Apart from reading and writing up to an adequate level, it has to be maths.

Everywhere you look and everything you do involve maths in one way or another.

LostInParadise's avatar

Mathematics requires linguistic skills. To formulate a problem and to talk about its solution must be done with language. Basic language skills must come first.

filmfann's avatar

When I read what others write, I often take note of their English skills. If someone cannot write well, it is an indication they are less educated. Language skills rank highest.
Math skills are very important, as well, and cross boarders and languages. Math is the second most important skill.

St.George's avatar

Language – Communication.

Carly's avatar

If I didn’t know how to read, write and critically think I wouldn’t be able to learn any of the other subjects, think about how they fit into my life and then articulate my feelings in writing. I also feel that the more your read and write, the naturally you become better at speaking.

So English, of course.

bkcunningham's avatar

@Hawaii_Jake, I look at education as an ongoing process in life and in our educational system. To me, the essential building blocks for all other institutional or life learning is reading and comprehension.

My mother had a third grade education. She could read and comprehend and taught herself to do many things that some college graduates couldn’t master. She read our school textbooks and helped us with homework for our secondary education classes. I never sold a college text. I gave them to my mom who devoured them.

stardust's avatar

I agree with @Seelix

iphigeneia's avatar

Literacy skills are the most important. Being able to speak and write well is vital in almost every field of study and work. Especially as careers become more services- and information-based, the ability to express oneself intelligently is an indispensable tool.

CWOTUS's avatar

This is like asking which leg of a three-legged stool is the most important.

mattbrowne's avatar

I agree with @CWOTUS – The only thing that might stand out a little is learning how to learn. This should be covered to a greater extent, especially during the final years of high school education.

GracieT's avatar

What about something that teaches basic life skills such as reading, enough math to survive as well (like balancing a checkbook), taking care of children. I know that everything else is important, but I think a class that teaches basic skills of survival is too important to neglect.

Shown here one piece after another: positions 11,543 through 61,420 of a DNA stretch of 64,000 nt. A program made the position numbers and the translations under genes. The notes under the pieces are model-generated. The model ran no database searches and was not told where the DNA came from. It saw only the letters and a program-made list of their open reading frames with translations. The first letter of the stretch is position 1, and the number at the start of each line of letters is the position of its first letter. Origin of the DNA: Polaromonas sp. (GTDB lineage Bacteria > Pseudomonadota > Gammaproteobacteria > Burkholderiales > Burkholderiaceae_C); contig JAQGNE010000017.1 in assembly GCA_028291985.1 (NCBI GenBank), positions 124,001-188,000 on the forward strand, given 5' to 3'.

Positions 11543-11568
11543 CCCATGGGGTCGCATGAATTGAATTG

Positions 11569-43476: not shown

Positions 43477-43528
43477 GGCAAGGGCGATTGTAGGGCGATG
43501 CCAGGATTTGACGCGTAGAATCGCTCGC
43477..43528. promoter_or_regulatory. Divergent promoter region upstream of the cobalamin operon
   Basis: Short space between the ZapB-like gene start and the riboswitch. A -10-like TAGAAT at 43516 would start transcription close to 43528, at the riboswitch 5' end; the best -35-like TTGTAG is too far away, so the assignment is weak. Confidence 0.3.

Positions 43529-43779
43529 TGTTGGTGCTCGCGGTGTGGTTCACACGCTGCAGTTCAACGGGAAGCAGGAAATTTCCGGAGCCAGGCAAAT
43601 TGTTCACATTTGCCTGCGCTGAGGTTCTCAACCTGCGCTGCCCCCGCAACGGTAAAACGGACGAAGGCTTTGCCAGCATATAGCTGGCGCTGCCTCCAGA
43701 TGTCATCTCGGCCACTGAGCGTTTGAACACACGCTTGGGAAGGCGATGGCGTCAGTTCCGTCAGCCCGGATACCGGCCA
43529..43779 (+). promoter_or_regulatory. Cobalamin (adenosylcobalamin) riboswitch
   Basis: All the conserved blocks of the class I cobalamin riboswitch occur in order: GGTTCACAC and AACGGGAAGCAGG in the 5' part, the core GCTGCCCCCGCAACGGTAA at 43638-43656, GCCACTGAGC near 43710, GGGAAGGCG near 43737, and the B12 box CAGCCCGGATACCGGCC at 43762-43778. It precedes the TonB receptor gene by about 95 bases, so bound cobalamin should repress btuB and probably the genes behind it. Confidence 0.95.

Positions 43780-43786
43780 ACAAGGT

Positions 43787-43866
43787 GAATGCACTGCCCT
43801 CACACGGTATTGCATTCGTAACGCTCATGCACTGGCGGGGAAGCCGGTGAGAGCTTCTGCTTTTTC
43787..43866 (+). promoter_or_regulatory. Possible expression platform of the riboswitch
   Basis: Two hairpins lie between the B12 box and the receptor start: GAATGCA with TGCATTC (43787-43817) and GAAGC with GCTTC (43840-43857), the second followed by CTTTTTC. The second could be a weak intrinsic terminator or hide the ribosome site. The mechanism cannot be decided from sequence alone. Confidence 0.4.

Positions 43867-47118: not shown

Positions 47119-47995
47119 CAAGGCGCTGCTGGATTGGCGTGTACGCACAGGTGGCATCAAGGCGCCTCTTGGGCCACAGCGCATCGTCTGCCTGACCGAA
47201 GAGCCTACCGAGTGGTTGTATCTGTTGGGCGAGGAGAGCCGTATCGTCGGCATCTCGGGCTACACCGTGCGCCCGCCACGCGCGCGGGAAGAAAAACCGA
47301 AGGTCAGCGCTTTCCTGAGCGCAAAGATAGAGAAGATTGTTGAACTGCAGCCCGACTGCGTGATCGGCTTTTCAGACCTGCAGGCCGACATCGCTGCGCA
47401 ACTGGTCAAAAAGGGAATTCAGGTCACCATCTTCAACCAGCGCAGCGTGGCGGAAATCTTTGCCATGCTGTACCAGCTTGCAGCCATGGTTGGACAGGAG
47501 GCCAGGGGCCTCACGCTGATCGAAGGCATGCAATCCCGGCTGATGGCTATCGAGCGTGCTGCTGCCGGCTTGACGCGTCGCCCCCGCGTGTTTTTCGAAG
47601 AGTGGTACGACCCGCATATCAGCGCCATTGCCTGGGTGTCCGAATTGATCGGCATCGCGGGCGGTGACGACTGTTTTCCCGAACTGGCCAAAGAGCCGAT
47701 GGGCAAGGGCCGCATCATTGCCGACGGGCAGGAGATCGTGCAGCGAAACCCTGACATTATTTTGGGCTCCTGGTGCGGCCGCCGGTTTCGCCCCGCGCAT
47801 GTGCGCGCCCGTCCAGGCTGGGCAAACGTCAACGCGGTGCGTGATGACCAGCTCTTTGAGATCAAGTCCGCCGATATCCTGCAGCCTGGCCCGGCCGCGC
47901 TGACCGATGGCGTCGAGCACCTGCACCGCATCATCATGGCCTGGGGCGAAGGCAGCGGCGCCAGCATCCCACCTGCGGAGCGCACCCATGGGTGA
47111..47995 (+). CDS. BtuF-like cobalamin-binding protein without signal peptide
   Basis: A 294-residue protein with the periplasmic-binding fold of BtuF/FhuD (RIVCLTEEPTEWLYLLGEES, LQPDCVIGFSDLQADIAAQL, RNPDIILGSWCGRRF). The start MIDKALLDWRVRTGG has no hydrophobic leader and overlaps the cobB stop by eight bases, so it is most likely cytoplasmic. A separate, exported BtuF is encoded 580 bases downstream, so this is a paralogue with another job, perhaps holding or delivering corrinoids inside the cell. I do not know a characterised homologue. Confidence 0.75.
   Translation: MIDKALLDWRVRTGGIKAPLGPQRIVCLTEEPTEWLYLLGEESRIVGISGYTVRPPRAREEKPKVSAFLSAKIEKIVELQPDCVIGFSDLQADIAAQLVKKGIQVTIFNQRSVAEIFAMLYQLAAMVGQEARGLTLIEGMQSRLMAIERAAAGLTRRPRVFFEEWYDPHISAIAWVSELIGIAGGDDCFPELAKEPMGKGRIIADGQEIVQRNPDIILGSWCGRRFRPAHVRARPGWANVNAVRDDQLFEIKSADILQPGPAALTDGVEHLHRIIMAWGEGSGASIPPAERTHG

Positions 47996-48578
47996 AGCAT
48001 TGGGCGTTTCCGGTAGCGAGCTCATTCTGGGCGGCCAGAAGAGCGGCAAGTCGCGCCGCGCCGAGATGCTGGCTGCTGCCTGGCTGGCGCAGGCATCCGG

TexasDude's avatar

History, but that’s just because I’m biased. :-p

Blueroses's avatar

Aside from the basic foundations, the singlemost useful subject I studied was the origin of words. It was a pain in the ass at the time, memorizing huge lists of roots, suffixes, affixes and rules but once I had that, it prepared me for learning foreign languages, medical, mathematical, legal, mechanical terminology. When the words make sense, it’s easier to grasp new concepts.

GracieT's avatar

Actually, @Blueroses, that’s why I still (many years later!) look at taking four years of Latin as the most intelligient thing I’ve ever done. Knowing many Latin words and what they meant has helped me in many ways. I am forever grateful to my Latin teacher!

SpatzieLover's avatar

Common sense.

Coloma's avatar

I think emotional intelligence and a hefty dose of learning self awareness would be an invaluable addition to the 3 “R’s”. Doubtful it will ever happen, but, if it did, it would be life changing on a global level.

incendiary_dan's avatar

Critical thinking. You can get a lot of information with those basic three, but being able to make sense and read throught the lines will make any subject go further.

Aethelflaed's avatar

So question to all the people who said language: Why does language have to include reading and writing? Tons of people have language that do not have a grasp on the written word.

Blueroses's avatar

@Aethelflaed Those people could communicate with each other but how would they communicate outside of their group?

SpatzieLover's avatar

@Blueroses Many former slaves did not read or write. I’ve just finished this book and it is clear the George was brilliant well before he learned to read/write at the age of 98. He had oodles of life experience, and common sense. Even if he hadn’t been able to read/write, he easily could have shared his expereinces via dictation.

My son has Asperger’s. We’re fortunate because it appears he reads & writes well. Many with AS must dictate and use audio materials even though many are at genius level.

Aethelflaed's avatar